Read our new manifesto

Start 2021 with fresh ideas
and practical tips on...

CUSTOMER EXPERIENCE

BRAND SAFETY

GAMING AND ENTERTAINMENT

SOCIAL MEDIA

CTV AND OTT

CUSTOMER RETENTION

DATA AND IDENTITY

PURPOSEFUL MARKETING

WATCH ON DEMAND FROM 25 Jan 2021
Banner BGBanner BG

Daily Mirror and Sun journalists cleared of bribery charges at Old Bailey

After over 40 hours of deliberations the jury at the trial of reporters from the Sun and Daily Mirror have cleared three of the defendants but said they had so far failed to reach a verdict on one count involving an immigration detention officer and another journalist.

Cleared by the jury were the Sun's night editor Brandon Malinsky, Sun reporter Neil Millard and the Mirror's Graham Brough who was the first non-News UK reporter to face trial. They all faced charges relating to payments made to prison officers for information, including stories about singers Boy George and George Michael who both served time at Pentonville prison.

In their defence the Sun journalists told the court that they were not aware that paying prison officers was a criminal offence and had never been told by their newspaper's management or lawyers that they were doing anything illegal. Brough testified that he had not known that his source was a prison officer and would never have paid him if he knew that was the case.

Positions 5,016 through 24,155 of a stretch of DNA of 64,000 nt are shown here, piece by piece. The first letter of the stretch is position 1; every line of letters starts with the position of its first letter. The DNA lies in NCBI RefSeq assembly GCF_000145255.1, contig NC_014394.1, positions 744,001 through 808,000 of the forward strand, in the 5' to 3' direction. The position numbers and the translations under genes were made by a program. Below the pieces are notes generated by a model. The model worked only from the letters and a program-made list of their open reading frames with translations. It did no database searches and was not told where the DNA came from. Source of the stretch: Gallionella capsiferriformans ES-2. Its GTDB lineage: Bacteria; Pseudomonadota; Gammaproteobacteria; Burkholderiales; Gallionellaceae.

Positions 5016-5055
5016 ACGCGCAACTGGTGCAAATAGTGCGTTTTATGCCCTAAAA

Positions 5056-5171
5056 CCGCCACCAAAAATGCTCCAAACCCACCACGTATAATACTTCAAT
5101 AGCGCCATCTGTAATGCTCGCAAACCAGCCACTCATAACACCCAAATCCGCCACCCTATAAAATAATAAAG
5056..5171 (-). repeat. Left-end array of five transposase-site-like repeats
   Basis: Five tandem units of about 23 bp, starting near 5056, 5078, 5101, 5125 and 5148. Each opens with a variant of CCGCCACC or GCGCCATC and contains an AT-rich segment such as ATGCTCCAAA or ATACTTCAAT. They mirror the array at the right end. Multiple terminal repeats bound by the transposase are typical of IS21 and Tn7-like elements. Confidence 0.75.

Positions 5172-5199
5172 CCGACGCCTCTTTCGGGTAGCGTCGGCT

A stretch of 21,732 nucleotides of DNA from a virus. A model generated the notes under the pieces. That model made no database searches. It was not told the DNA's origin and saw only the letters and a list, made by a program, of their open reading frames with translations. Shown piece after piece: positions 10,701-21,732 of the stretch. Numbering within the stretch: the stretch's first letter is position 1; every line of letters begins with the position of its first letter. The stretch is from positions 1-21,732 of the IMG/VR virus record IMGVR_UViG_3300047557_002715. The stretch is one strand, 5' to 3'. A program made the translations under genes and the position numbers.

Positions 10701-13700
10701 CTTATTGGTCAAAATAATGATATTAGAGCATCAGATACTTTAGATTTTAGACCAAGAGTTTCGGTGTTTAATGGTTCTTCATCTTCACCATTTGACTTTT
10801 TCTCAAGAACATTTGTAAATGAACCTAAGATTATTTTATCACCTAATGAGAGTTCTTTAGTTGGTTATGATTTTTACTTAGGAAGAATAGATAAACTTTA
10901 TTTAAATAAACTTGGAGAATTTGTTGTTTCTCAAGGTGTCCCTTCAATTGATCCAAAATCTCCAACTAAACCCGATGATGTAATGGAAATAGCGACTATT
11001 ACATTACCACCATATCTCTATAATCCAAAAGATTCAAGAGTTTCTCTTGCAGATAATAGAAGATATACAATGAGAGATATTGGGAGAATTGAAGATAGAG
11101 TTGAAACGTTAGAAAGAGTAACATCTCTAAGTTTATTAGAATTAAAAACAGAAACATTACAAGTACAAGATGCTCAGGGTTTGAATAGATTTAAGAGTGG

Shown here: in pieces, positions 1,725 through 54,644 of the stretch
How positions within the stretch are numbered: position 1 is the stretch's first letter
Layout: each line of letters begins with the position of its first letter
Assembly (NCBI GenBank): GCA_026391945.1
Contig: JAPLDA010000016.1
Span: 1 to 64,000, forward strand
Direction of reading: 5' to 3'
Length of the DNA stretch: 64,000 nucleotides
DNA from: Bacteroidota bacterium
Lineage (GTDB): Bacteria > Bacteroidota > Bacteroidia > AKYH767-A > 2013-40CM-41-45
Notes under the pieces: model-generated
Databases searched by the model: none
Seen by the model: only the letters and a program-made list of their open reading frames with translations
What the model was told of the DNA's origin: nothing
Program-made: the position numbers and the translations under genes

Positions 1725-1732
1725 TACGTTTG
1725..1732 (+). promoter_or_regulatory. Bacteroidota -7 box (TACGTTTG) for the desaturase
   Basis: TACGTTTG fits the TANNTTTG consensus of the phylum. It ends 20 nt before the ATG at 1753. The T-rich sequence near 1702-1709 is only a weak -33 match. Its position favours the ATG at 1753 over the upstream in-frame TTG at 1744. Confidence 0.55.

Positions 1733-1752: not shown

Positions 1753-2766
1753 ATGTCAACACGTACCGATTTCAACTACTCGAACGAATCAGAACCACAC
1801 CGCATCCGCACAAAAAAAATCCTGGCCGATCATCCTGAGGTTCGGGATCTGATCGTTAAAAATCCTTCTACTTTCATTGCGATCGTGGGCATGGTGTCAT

When the verdicts were announced cheering and applause broke from friends and relatives of the accused who had gathered in the public gallery.

The celebrations continued outside court where a number of staff from the Sun, including associate editor Trevor Kavanagh and Royal editor Duncan Larcombe waited to greet their colleagues as they left the building.

The jury's decision will be a further blow to the Crown Prosecution Service (CPS) and the police who were already facing widespread criticism over their investigation into newspaper payments to public officials, Operation Eleveden. While over 25 public servants, including police officers and civil servants have been convicted and often jailed, the prosecutions of journalists have mostly ended in failure. Of the 29 reporters charged, only three guilty verdicts have been returned, and one of those was quashed by the court of appeal.

In April the CPS announced it was carrying out a review to decide if it should proceed with the 12 outstanding trials of reporters over allegations of corruption. An announcement is expected on the 24 April.

Earlier this week it was announced that former editor of the Sun, Andy Coulson's trial was to be delayed until after the general election.

Join us, it's free.

Become a member to get access to:

  • Exclusive Content
  • Daily and specialised newsletters
  • Research and analysis